• Structured Data – data that has a structure and is organized nicely into table format, making searching and accessing information extremely easy. Structured data represents only 5 to 10% of all corporate data.
  • Unstructured Data – data that includes text and multimedia content that doesn’t fit neatly into a database. Examples include emails, word documents, presentations and many other documents commonly seen in a business environment. Unstructured data represents roughly 80% of corporate data and is better suited for humans to analyze.
  • Semi-Structured Data – data that has some organizational properties but not as organized as structured data. Examples of semi-structured data include extensible markup language (XML) and comma-separated values (.csv) files.

Data can be further categorized into the following:

  • Quantitative
    • Discrete data – can only take certain values. For example, rolling dice (you can’t role 2.5).
    • Continuous data – can take any value within a range. For example, a person’s height.
  • Qualitative
    • Binary data – right or wrong, true or false, accept or reject.
    • Nominal data – labels that do not overlap such as options for hair colour (brown, black, blonde, grey, other)
    • Ordinal data – scales of non-numeric concepts such as satisfaction (unhappy/happy/very happy)

Seven Point Model for your Data Governance Plan

Data governance for many companies can be a complicated framework requiring input from every department.

Effective data governance serves an important function within the organization, setting the parameters for data management and usage, creating processes for resolving data issues and enabling users to make decisions based on high-quality data and well-managed information assets.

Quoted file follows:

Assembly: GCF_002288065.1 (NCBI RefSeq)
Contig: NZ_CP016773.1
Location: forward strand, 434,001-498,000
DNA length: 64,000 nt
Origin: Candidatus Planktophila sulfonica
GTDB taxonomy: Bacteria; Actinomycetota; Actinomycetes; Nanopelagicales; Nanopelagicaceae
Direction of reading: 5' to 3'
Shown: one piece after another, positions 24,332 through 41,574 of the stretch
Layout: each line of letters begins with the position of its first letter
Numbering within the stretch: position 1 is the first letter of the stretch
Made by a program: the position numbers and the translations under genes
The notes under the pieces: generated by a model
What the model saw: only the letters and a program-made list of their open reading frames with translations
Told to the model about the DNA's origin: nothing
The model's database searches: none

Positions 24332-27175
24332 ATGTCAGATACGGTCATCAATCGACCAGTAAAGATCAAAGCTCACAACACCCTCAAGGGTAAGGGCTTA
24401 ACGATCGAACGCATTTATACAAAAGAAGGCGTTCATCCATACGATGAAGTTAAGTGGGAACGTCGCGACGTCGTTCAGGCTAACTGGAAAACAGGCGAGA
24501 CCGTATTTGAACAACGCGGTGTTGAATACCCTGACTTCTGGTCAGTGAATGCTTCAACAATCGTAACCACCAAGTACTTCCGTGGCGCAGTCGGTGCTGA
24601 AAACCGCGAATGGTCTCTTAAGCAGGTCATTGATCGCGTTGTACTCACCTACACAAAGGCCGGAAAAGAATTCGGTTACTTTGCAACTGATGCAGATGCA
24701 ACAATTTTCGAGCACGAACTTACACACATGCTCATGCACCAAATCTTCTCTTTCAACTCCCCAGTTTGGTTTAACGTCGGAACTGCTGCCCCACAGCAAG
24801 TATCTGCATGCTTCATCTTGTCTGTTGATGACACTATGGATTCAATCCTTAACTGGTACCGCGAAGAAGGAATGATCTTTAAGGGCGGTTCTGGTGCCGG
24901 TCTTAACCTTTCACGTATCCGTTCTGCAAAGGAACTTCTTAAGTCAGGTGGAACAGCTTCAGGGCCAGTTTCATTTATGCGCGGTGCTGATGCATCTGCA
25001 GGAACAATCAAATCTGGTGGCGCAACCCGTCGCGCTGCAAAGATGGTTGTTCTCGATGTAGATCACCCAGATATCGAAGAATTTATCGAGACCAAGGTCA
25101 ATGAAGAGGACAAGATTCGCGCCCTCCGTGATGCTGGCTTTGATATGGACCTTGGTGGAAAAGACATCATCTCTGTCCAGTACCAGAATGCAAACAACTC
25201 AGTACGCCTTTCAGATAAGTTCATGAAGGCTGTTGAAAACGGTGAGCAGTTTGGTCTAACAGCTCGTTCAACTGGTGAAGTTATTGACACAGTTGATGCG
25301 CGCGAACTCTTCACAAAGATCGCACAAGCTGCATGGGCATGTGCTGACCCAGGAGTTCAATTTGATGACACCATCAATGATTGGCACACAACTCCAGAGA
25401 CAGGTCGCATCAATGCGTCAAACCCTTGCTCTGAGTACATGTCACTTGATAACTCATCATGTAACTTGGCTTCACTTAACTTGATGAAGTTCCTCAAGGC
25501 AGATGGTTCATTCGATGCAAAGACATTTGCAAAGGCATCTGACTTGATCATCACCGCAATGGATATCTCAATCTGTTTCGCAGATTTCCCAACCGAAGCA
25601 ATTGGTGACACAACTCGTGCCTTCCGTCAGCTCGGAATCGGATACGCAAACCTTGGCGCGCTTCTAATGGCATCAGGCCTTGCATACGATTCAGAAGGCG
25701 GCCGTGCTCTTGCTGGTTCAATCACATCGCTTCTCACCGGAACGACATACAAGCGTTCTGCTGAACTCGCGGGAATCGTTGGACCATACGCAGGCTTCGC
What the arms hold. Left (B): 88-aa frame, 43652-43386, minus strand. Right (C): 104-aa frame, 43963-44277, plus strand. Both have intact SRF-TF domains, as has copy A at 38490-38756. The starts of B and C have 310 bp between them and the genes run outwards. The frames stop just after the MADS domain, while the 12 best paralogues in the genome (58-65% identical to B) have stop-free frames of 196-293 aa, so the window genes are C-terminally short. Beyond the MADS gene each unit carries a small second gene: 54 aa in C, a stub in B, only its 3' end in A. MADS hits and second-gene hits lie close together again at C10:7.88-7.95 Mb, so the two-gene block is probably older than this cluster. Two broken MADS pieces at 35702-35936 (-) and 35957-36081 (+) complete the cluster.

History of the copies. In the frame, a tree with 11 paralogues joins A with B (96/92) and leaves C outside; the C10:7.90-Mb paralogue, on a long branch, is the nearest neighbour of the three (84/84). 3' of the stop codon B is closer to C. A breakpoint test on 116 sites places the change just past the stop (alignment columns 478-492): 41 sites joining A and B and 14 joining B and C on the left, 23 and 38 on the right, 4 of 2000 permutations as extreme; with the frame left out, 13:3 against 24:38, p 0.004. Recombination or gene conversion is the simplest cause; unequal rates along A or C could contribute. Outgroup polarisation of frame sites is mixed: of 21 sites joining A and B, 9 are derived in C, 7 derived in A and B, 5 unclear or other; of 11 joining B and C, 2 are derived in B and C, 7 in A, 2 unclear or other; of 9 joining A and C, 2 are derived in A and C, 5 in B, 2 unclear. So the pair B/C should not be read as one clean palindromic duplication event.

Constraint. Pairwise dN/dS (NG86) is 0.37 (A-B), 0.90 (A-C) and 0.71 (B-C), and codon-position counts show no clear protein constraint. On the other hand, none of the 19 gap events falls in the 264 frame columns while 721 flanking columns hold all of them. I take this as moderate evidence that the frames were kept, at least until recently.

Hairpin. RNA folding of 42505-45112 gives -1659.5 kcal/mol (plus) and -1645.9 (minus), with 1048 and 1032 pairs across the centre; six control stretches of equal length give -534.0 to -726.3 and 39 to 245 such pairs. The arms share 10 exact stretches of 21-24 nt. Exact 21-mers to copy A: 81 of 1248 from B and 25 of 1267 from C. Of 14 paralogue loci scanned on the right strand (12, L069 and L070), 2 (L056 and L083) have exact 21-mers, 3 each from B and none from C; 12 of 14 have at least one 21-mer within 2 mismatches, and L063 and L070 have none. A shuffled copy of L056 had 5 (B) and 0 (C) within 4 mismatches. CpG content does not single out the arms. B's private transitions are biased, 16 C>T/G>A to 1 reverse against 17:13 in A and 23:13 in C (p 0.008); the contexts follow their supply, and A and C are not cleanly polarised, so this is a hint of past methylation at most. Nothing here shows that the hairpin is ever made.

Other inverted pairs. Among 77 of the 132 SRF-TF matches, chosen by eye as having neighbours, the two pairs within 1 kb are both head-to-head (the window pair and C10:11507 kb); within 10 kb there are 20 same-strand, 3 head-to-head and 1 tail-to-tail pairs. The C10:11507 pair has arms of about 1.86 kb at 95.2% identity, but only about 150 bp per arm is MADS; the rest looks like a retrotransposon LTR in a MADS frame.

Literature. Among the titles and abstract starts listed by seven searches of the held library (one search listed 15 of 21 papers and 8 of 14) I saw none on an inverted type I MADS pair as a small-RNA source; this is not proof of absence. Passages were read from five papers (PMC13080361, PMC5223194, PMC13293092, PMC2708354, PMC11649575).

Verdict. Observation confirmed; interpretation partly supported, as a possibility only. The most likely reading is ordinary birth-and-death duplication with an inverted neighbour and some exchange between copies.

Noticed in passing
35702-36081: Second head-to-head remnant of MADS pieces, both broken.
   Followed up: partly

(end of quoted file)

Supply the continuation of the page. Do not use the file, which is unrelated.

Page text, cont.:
To improve the effectiveness of your data governance plan, it is important to consider the following:

1 Strategy and Scope – Data governance is guided by an organization’s data strategy. It’s important that the organization’s data strategy aligns with its goals and objectives, is actionable, measurable, and relevant, is continuously updated according to change, and adds value to the organization. When reflecting on the strategy and scope of your data strategy, and subsequently your data governance strategy, determine your organization’s priorities and think about what strategic questions data can answer.

To ensure that the strategy encompasses all needs and priorities of the organization, it’s important to talk extensively with stakeholders across the organization to learn more about areas that you may have not been aware of. Doing so will increase the likelihood of getting agreement at the highest level with respect to goals and objectives so that there is early buy-in.

Data governance allows an organization to properly, proactively, and efficiently manage data throughout the enterprise. There are many added benefits of using data in an organization, and data governance helps ensure that the data is being used appropriately. As there are many different types of data, ranging in complexity, it is important that every organization has a data governance policy that is guided by its data strategy. No matter what industry you are in, not-for-profit, tech, healthcare, etc. applying a Seven Point Model to your data governance plan can greatly increase the success of data projects and programs.

2 Governance Groups – Once stakeholders have been consulted with, identify key stakeholders and participants who can communicate and enforce data governance processes across the whole organization. It’s important to understand that data is a business asset and not a technology asset. Therefore IT has a role in data governance but isn’t the lead for data process changes. Rather than creating a whole new governing body, it may be a good idea to look at existing governing bodies already operating in your organization and incorporating data governance into these existing structures.